The duck breast we did in Episode 1 of our stovetop sous vide series last month was so spectacular, I couldn't wait to give it a try with some nice thick steaks. I had no doubt that it would work (thanks to the laws of physics), but would the extra time and attention be worth the payoff?
Well, that depends. As far as the taste and texture of the meat goes, it was pretty much the same as any perfectly cooked steak I've ever had. Not to sound all braggy, but thanks to having done thousands of them, I can produce a pretty decent, medium-rare NY Strip steak in about 15 minutes.
It will be nicely browned and crusty outside, warm and pink in the middle. So for me personally, I'm not sure the extra wait is worth it purely for the textural advantages is provides. Don't get me wrong, the results were fabulous, but do I really need to wait 2 1/2 hours to get my beef on?
The real advantage to this technique is not a superior-quality final product (like it was for the duck), but the fact that you're guaranteeing a perfect medium-rare (using 130 degrees F. water, or 140 for medium, or 150 for medium-well, etc.). So, if you've never had any luck getting large, expensive hunks of steak cooked to your idea of perfection, then this is the way to go, for sure.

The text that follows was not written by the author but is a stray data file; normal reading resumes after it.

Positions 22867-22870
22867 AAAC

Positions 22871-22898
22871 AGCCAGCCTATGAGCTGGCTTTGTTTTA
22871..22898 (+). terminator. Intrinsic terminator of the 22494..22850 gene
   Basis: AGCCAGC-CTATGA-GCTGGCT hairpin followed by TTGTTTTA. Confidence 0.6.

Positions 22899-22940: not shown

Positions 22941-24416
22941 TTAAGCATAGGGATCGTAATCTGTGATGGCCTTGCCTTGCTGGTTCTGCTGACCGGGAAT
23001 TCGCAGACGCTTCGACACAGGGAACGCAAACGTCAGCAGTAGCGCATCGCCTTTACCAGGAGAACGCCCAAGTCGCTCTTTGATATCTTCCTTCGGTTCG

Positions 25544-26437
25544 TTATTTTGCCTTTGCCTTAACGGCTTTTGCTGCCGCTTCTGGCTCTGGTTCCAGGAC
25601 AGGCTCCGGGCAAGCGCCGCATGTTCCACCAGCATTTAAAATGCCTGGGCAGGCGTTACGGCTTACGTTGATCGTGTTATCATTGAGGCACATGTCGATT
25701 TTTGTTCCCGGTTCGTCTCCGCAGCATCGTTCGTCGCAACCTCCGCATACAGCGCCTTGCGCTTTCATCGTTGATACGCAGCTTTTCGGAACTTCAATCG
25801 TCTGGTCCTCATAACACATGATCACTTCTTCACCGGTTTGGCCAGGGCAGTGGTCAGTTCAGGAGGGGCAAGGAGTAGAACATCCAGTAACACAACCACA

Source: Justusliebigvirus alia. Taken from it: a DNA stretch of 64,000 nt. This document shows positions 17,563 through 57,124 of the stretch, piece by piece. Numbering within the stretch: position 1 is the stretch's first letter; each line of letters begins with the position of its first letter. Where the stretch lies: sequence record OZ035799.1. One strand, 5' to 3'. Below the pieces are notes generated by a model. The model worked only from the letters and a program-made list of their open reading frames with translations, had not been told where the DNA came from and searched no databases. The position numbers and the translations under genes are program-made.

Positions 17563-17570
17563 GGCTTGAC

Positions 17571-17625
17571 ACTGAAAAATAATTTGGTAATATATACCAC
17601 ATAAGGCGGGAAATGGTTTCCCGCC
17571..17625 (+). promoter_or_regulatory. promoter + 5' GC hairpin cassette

Since we went over the basics of this procedure in the previous post, I won't rewrite all the background info about what sous vide is, and how it works. For that kind of scintillating background information, please check out, "Episode 1: The Best Duck Breast Ever." Enjoy!
NOTE: For LOTS more information about doing sous vide steaks, check out Sous-Vide 101: Prime Steak Primer by J. Kenji Lopez-Alt, posted on Serious Eats.
Ingredients for Stovetop "Sous Vide" NY Strip Steaks:
2 (12-14 oz) NY Strip Steaks
1 teaspoon grape seed oil , or vegetable oil
2 tablespoons butter, divided
handful of trimmed mushrooms
salt and freshly ground black pepper to taste
1 clove garlic
1/2 teaspoon balsamic vinegar